P.L. Travers gets a renewal of life after giving Disney the rights. She is able to finally movie on from the tragedy of her father. While she is still willful, she is not cranky. She is now transformed from bitter spinster to beautiful Emma Thomson version of herself crossing the red carpet premier of the movie “Mary Poppins”. She cries and experiences catharses by seeing her father finally get his happy ending on the large silver screen. And for me in the audience, seeing P.L. Travers seeing a movie… What can I say? It works!

Yes, I know that it is extremely ironic!

I know that this is a total fantasy.

But, damn it works!

At the end of the movie, the movie nails that point it is trying to make. The movie is about the human need to give a painful memory a happy ending in order to survive it.

P.L. Travers attempted do this by writing her book, “Mary Poppins”.

Walt Disney attempted do this by making the movie “Mary Poppins”.

The Disney Corporation attempts to give both P.L. Travers and Walt Disney a happy ending by making “Saving Mr. Banks”.

That is what I think the original intent of the movie was at least in the beginning. And, to a degree, I think it achieved its goals.  However, it was a bumpy journey.

“Go for the happy endings, because life doesn't have any sequels.”
― Unknown


At the end
A lot of what is in the movie is great.

The acting is great.

The overall theme was great.

The behind the scenes stuff for the classic movie is great.

The comedy and banter is great.

The problem with the movie lies with the director largely.

For what the movie is trying to be, the direction by the director needed to be creative and clever. You have a really unlikable character at the beginning that the audience needs to get to know. You need them to care about whether this cranky old b***h get her happy ending.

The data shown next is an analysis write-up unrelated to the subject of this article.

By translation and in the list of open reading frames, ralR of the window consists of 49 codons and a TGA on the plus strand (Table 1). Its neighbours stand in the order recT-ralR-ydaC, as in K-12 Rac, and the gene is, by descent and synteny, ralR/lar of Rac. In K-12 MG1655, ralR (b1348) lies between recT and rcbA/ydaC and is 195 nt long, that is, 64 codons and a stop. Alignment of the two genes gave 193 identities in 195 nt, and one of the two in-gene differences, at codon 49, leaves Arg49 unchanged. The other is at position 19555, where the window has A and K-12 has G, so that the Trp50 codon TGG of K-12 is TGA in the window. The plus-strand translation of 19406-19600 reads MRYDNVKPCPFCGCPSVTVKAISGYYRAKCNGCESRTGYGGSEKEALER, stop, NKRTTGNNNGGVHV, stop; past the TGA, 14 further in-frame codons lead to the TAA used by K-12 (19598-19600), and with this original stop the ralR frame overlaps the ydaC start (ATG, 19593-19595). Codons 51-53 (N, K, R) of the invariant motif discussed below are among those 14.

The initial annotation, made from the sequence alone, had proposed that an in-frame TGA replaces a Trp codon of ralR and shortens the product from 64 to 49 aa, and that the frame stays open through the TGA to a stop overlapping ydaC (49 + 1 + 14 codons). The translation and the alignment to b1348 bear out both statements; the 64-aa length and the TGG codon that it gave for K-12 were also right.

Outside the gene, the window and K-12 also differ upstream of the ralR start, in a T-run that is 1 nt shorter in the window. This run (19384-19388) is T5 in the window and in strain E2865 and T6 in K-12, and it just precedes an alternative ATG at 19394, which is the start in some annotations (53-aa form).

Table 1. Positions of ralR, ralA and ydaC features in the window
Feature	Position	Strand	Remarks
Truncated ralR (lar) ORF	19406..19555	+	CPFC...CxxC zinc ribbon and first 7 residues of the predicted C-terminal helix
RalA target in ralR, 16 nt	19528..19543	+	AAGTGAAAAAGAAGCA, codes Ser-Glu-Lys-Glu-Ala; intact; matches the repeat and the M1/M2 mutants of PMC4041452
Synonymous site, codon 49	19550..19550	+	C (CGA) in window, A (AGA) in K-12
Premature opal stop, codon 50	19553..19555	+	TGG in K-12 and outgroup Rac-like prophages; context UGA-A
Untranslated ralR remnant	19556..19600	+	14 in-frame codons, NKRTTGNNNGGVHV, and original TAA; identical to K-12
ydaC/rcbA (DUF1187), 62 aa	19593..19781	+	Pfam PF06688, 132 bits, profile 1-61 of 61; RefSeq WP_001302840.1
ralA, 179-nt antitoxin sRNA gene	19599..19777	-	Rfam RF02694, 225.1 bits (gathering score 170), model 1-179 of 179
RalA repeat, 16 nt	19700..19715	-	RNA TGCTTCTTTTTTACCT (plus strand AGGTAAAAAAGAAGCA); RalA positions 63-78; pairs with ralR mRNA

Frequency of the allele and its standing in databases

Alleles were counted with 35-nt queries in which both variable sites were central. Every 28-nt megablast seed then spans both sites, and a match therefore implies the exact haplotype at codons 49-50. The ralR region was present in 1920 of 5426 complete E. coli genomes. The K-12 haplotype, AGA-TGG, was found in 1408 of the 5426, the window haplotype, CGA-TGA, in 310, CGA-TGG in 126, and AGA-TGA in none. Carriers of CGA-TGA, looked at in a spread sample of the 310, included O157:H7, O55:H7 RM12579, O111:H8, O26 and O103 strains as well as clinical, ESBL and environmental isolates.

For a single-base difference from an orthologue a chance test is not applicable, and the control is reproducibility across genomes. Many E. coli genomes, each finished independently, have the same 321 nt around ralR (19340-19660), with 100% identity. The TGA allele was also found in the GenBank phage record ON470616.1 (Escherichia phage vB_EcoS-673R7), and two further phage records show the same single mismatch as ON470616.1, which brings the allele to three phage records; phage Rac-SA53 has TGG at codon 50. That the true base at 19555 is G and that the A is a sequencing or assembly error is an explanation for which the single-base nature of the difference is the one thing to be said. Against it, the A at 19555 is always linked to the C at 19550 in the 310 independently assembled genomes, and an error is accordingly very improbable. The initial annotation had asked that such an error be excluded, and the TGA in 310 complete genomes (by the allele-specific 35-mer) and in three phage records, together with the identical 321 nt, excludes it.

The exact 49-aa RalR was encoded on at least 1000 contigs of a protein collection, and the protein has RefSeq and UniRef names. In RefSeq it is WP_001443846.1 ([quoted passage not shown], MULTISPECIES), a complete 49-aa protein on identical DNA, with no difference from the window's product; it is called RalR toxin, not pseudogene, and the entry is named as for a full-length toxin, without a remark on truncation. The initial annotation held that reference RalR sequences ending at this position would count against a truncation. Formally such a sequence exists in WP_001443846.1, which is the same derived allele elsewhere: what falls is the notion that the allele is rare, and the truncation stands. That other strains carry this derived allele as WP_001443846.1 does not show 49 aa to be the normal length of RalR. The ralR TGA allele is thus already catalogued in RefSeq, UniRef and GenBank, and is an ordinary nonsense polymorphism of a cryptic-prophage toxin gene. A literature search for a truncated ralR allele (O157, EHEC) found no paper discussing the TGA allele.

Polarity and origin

This is not easy.


The director of this movie was not the right person for the job. John Lee Hancock, the director, is a very conventional and traditional film maker and it shows in the movie. He has directed a few movies such as “The Blind Side” and “The Alamo”. None of the movies on his resume could be said to be creative or cleaver.


It is like there was a potential to make a great film but Disney just aimed for mediocre. However, because of the pure acting talent involved with the movie, the movie rose above mediocrity and became decent. However, it is still not great.

So, I would recommend you, at least, catch it on Blu-ray.

I could just imagine what the movie would have been if a director of high caliber like Steven Spielberg had been put on the project. But wishes are just wishes…

Or is it?

Someone should rewrite the history of this movie and give in a true happy ending rather than just the decent on it actually got.

Score: B- or 6/10